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Research Summary

Is Naltrexone More Effective in Alcohol-Dependent Patients with a Sweet Tooth?

Naltrexone has modest efficacy for alcohol dependence. Sweet preference may reflect endogenous opioid activity and predict the efficacy of naltrexone. A 32-week double-blind placebo-controlled trial examined the relationship between sweet preference and naltrexone efficacy among 78 alcohol-dependent subjects (45 were assigned to the naltrexone group). Subjects ranked 6 concentrations of sucrose solution, results of which were used to generate a “sweet score” based on the correlation between preference and sweetness (sucrose concentration).

  • The effect of naltrexone on the number of relapses to heavy drinking* was significantly different for those with higher versus lower sweet scores. Higher sweet scores were associated with fewer relapses to heavy drinking in the naltrexone group but not in the placebo group: For every 1-unit increase in sweet score in the naltrexone group, there were 1.2 fewer relapses reported during the study period.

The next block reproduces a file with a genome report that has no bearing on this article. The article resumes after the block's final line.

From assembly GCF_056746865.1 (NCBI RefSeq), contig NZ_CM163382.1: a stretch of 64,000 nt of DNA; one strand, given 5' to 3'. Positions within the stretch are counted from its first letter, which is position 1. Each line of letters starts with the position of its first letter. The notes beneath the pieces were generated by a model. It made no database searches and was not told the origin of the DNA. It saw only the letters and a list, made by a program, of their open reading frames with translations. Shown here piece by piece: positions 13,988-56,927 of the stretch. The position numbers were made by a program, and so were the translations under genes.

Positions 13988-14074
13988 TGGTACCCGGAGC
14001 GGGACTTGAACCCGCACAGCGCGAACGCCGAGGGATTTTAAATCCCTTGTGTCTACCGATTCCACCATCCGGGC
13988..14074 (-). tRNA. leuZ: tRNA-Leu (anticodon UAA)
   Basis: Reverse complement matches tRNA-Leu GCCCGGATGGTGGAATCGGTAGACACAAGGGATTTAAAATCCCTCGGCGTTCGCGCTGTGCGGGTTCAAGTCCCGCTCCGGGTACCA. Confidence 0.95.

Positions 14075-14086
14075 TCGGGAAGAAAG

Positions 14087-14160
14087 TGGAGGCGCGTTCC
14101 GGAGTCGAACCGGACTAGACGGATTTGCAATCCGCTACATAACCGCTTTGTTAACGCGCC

• The effect of naltrexone on weekly alcohol consumption and craving was not significantly affected by sweet preference.
*Defined as a) ≥5 drinks on at least 1 occasion in the 1–4 week period between follow-up visits, b) ≥5 drinking occasions per week since the previous follow-up visit, or c) arriving intoxicated to a follow-up visit.

Comments:

It would have been useful if the article quantified the differential efficacy of naltrexone in participants with high versus low sweet scores. Although sweet scores did not seem to modify naltrexone’s effect on craving or mean weekly consumption, results suggest naltrexone may reduce relapse in patients with a preference for sweets. Future study may clarify whether asking alcohol-dependent patients about sweet preference could help providers prescribe naltrexone to those more likely to benefit from it. Christine Pace, MD† & Richard Saitz, MD, MPH
†Contributing Editorial Intern and Fellow in General Internal Medicine, Clinical Addiction Research and Education (CARE) Unit, Boston University School of Medicine, Boston, MA.

Reference:

Laaksonen E, Lahti J, Sinclair JD, et al. Predictors for the Efficacy of Naltrexone Treatment in Alcohol Dependence: Sweet Preference. Alcohol Alcohol. January 25, 2011 (E-pub ahead of print).

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